It is going to take “many years” to tackle waiting lists which are now longer than they have been for about 20 years, the NHS Confederation chief executive has said.
Danny Mortimer said that once the impacts of the spike of Covid-19 in January and February are understood, waiting lists are “still going to be significantly higher than we have seen for a very, very long time”.
There are 4.52 million people who are now on the list, with 224,000 of those waiting longer than 52 weeks, and “a big plan” will be needed to help tackle the issue, according to Professor Neil Mortensen, president of the Royal College of Surgeons.
Mr Mortimer told Times Radio that honesty from both politicians and the NHS with the public about the scale of the task will be “really, really important”.
Efforts will be needed to “explain as clearly as we can what is going to happen and what sort of choices are being made, and sadly how long it is going to take for us to get back to where we desperately want to be”, he said.
I think surgeons are very prepared to be flexible. I think there needs to be more operating time. There needs to be more opening hours for surgery and surgery hubsProf Neil Mortensen, Royal College of Surgeons
Mr Mortimer told the programme: “We do need that investment in facilities, investment in people, and we also need to understand that there are competing pressures because of the virus, because of the impact we have seen on people’s mental health that we are going to have to deal with for the longer term.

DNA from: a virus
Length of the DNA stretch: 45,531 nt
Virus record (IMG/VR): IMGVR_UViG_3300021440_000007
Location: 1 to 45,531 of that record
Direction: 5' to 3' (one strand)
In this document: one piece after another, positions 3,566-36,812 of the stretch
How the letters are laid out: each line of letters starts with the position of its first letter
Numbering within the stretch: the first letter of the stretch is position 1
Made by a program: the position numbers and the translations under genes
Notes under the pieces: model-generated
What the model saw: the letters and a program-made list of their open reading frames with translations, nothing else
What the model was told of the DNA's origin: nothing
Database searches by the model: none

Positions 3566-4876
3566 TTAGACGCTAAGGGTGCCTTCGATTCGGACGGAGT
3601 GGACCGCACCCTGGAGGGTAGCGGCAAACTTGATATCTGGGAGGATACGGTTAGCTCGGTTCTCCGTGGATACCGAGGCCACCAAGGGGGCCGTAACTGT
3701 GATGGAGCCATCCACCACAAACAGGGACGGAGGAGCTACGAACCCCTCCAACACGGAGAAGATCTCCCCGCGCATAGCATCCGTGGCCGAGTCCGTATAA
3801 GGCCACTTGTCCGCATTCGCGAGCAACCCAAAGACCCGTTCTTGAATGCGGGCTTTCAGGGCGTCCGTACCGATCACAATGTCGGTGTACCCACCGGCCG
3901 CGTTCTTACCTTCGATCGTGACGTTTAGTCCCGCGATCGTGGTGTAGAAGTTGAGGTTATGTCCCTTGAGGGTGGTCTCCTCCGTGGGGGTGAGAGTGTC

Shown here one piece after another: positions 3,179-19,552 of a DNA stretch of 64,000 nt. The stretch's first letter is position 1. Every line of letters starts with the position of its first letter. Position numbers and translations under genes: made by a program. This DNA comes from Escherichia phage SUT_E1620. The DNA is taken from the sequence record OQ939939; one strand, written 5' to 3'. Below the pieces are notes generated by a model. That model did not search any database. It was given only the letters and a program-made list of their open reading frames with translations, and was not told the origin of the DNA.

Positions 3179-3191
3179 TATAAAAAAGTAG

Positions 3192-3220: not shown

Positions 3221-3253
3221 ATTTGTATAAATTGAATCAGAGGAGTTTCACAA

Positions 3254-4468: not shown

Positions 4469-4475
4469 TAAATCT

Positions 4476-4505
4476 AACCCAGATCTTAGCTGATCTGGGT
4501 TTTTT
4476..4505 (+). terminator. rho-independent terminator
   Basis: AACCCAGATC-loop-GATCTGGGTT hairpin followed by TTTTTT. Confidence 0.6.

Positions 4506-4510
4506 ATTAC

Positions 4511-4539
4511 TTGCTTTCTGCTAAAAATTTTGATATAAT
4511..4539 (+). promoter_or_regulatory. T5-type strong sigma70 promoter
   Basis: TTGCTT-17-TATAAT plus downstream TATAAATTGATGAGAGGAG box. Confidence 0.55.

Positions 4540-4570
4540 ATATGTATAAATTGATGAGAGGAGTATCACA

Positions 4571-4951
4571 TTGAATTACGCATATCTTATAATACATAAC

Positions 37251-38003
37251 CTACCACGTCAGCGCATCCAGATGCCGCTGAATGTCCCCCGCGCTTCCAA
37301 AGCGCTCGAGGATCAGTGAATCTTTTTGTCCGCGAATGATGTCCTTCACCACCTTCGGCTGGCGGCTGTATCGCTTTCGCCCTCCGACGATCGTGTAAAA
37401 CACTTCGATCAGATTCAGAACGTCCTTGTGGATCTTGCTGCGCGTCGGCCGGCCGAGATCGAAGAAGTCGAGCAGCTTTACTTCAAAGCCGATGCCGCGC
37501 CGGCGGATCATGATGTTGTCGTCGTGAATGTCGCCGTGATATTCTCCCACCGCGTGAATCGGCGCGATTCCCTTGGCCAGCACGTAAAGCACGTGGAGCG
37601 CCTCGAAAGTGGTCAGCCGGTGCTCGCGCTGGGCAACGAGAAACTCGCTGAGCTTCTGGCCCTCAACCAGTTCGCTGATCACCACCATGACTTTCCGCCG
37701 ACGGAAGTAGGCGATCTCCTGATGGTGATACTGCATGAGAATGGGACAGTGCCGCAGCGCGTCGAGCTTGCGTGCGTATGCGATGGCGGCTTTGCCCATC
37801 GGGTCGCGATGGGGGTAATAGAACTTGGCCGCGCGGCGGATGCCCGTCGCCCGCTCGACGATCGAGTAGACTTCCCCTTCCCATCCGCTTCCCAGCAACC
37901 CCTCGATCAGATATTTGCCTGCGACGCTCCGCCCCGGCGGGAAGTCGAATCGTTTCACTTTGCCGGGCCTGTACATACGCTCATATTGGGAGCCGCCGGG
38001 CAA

“There is also the continued reality of the vaccination programme as well – all of those things need investment from the Government.”
Surgeons face a lack of access to theatres and the staff who work there, including anaesthetists, are very tired.
Prof Mortensen, who described waiting lists as an “absolutely massive problem”, told Times Radio: “I think surgeons are very prepared to be flexible. I think there needs to be more operating time. There needs to be more opening hours for surgery and surgery hubs.
“We have already done well with remote outpatient appointments, with patients not having to come to hospital for assessment and follow-up, but staff are tired and need a pause, particularly for surgery we need the help of our friendly anaesthetists.”
He added: “We can’t really do anything without having a really good theatre team.”